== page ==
There’s a student loan crisis in full swing, and it doesn’t seem to be slowing down. With college costs continuing to rise, students are finding themselves with no choice but to take on significant amounts of debt for the ability to get an education. According to recent data, about 40 million Americans are carrying student debt totaling $1.2 trillion. Not only that, but it takes the average graduate with a bachelor’s degree about 21 years to pay off college debt.
If you’re among the many carrying student debt, that’s a long time to have a nagging balance hanging over your head. Even if you’re looking at just a 10-year repayment plan, that’s still many years of making loan payments. It’s for this reason that some debt-bearing graduates have been seeking an interesting way out: fleeing the country.
A large number of college graduates are currently living abroad in order to escape their student debt. Since it’s difficult for US lenders to come after borrowers residing outside the country, those who move to foreign soil to skip out on their debt may be onto something. All they have to do, in theory, is set up residence in another country to eliminate thousands upon thousands of dollars in principal and interest payments.
In practice, however, this tactic doesn’t work as well. Establishing residency in a foreign country is easier said than done. To do so, you need to meet certain income requirements, which means you need a real job that pays above a certain threshold depending on where you wish to live. Plus, you need to commit to living abroad indefinitely in order to truly abandon those student loans. If, after a few years abroad, you decide that you want to return home to the US, your lenders may then be able to come after you for that remaining loan balance. Worse yet, if you fail to make payments before moving abroad and ruin your credit score in the process, you could face major trouble when you move back home.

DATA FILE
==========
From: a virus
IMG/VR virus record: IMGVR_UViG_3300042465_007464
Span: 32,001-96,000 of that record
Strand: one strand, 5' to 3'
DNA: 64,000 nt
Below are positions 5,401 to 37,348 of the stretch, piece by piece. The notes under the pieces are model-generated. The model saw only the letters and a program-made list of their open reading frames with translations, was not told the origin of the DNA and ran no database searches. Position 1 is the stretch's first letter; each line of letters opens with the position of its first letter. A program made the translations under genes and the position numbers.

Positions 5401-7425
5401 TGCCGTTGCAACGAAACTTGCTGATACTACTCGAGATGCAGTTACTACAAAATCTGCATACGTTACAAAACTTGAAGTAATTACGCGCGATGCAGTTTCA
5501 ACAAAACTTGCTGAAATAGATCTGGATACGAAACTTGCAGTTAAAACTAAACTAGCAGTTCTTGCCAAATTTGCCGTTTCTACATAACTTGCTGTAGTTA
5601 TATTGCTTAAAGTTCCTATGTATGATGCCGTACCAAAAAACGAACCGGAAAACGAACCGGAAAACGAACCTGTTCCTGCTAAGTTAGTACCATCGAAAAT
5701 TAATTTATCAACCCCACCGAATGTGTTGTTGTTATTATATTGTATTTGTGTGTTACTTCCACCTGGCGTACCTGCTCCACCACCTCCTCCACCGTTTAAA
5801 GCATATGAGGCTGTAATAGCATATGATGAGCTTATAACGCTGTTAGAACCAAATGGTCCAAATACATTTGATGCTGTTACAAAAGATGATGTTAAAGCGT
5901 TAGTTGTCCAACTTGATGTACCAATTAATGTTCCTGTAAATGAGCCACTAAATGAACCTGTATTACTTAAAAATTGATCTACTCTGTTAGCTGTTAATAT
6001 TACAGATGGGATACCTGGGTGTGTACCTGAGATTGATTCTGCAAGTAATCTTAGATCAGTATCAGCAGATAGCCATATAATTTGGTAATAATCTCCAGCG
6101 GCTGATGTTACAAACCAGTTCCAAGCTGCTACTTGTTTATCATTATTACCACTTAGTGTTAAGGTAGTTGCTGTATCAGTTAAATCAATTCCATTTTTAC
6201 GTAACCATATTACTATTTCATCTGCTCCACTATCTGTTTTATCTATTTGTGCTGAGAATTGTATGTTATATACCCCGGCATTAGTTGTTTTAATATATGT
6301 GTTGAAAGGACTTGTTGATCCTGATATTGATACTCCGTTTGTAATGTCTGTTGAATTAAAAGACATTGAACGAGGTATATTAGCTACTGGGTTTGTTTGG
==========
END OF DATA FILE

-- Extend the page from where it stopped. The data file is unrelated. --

Unless you’re really willing to live in exile for the long haul, moving to a foreign country to escape your student loans probably isn’t going to work. A better bet is finding ways to repay your debt quickly to avoid racking up those huge interest charges that can haunt you for years. You can also look into student loan forgiveness programs, which apply to certain loan types and professions. If, for example, you work as a teacher in an underserved school district or are a government or public service employee, you may become eligible to have a portion of your loans forgiven.
If your loans stem from private lenders, you probably have fewer options, as most private loans aren’t eligible for forgiveness. If that’s the case, you can try finding a second job or looking into your refinancing options to make those payments more manageable. No matter what you do, think long and hard about the consequences of packing your bags and moving to another country. There are costs and ramifications of leaving the US on a long-term basis, and the last thing you want to do is exchange one set of financial troubles for another.